That will certainly change in the future as the semantic web emerges to evaluate the relevance and relationships between individual components making up a web page. Schema.org tagging to derive meaning from reviews will help.

    Until then, the TripAdvisor team are the smartest guys in the room – playing by the rules (exploiting the rules, perhaps) to win the battle of long-tail, and to a good extent short tail web search.

    Genius or creepy? It’s hard to say. In my opinion, it is the former. They may be getting pretty damn close to the creepy line, but based on current “rules” they don’t appear to be crossing it…

     
    • RobertKCole

      Not sure if I have ever directly commented on one of my Tnooz comments before… Sorry Kevin, I won’t make a habit of it…

      One additional item – If one enters “temple lodge” (without the quotes) into Google with personal web search turned off, the hotel’s website is listed first. The TripAdvisor page is listed fourth after a spiritual publishing company and the Temple Lodge Club in London.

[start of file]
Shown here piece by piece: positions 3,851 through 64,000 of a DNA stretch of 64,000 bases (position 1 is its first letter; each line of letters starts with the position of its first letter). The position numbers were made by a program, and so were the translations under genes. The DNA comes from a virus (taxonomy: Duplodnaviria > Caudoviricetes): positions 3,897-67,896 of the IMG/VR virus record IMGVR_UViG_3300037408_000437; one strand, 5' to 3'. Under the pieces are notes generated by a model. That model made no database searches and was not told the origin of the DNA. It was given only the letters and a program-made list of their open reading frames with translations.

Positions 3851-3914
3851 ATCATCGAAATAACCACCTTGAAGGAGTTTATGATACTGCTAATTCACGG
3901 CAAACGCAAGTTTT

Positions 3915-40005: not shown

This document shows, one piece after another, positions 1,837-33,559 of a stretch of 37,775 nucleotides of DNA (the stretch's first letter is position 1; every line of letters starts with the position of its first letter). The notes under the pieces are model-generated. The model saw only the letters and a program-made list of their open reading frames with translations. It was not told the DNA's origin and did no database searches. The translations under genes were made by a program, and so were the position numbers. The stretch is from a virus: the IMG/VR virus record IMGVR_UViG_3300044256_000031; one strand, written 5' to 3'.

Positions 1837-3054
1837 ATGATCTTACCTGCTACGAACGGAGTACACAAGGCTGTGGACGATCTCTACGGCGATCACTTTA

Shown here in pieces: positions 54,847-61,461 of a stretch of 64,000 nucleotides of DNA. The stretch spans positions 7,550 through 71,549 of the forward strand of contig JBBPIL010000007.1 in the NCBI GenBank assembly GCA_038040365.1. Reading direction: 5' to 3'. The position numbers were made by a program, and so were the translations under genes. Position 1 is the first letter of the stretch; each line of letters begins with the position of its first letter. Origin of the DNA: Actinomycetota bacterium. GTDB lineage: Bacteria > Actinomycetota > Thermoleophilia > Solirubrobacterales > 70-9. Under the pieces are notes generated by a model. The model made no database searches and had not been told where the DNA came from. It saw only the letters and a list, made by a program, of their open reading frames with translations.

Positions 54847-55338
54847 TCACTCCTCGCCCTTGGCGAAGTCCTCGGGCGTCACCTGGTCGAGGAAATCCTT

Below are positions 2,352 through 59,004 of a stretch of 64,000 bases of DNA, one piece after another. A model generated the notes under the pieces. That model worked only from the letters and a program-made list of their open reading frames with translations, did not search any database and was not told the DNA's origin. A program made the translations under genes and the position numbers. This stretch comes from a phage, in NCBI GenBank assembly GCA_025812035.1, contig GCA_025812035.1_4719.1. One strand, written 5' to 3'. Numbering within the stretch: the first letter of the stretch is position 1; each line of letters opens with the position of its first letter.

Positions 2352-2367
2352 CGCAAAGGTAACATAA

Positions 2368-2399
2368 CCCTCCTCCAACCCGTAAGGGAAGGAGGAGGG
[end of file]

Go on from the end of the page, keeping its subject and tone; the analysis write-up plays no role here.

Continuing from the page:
Ideally, semantic search might eventually bounce out the publisher’s listing, but to a good extent, this is a pretty rational result for a search that 33,100 consumers make globally each month.

      As a point of reference, “temple lodge bali” is globally searched 480 times monthly, where as “temple lodge agoda” does not register any global searches per month.

      True, an example of a nasty SERP was found, but all-in-all, Google’s Web Spam team seems to be doing a pretty good job of ranking more relevant results at the top of the list and filtering out cleverly designed SEO-friendly content for the more broadly searched terms.

      The same goes for a “Sofitel New York” (no quotes, pws off) search. Despite 2,800 TripAdvisor reviews, listed #1 is the property, #2 the brand and #3 TripAdvisor (followed by Wikipedia, Kayak, Yelp, Expedia, Hotels.com, Frommers & TVTrip.)

      Interestingly, for a destination search lacking a specific hotel, once one passes through all the Google Adwords, Hotel Finder & Local/Maps results, the first page of a “New York Hotels” (no quotes, pws off) search yields the following list: Expedia, TripAdvisor, Kayak, Hotels.com, Orbitz, Hilton (New York City page), Marriott (New York City page), Sheraton New York (Starwood), W New York (Starwood), Paramount Hotel.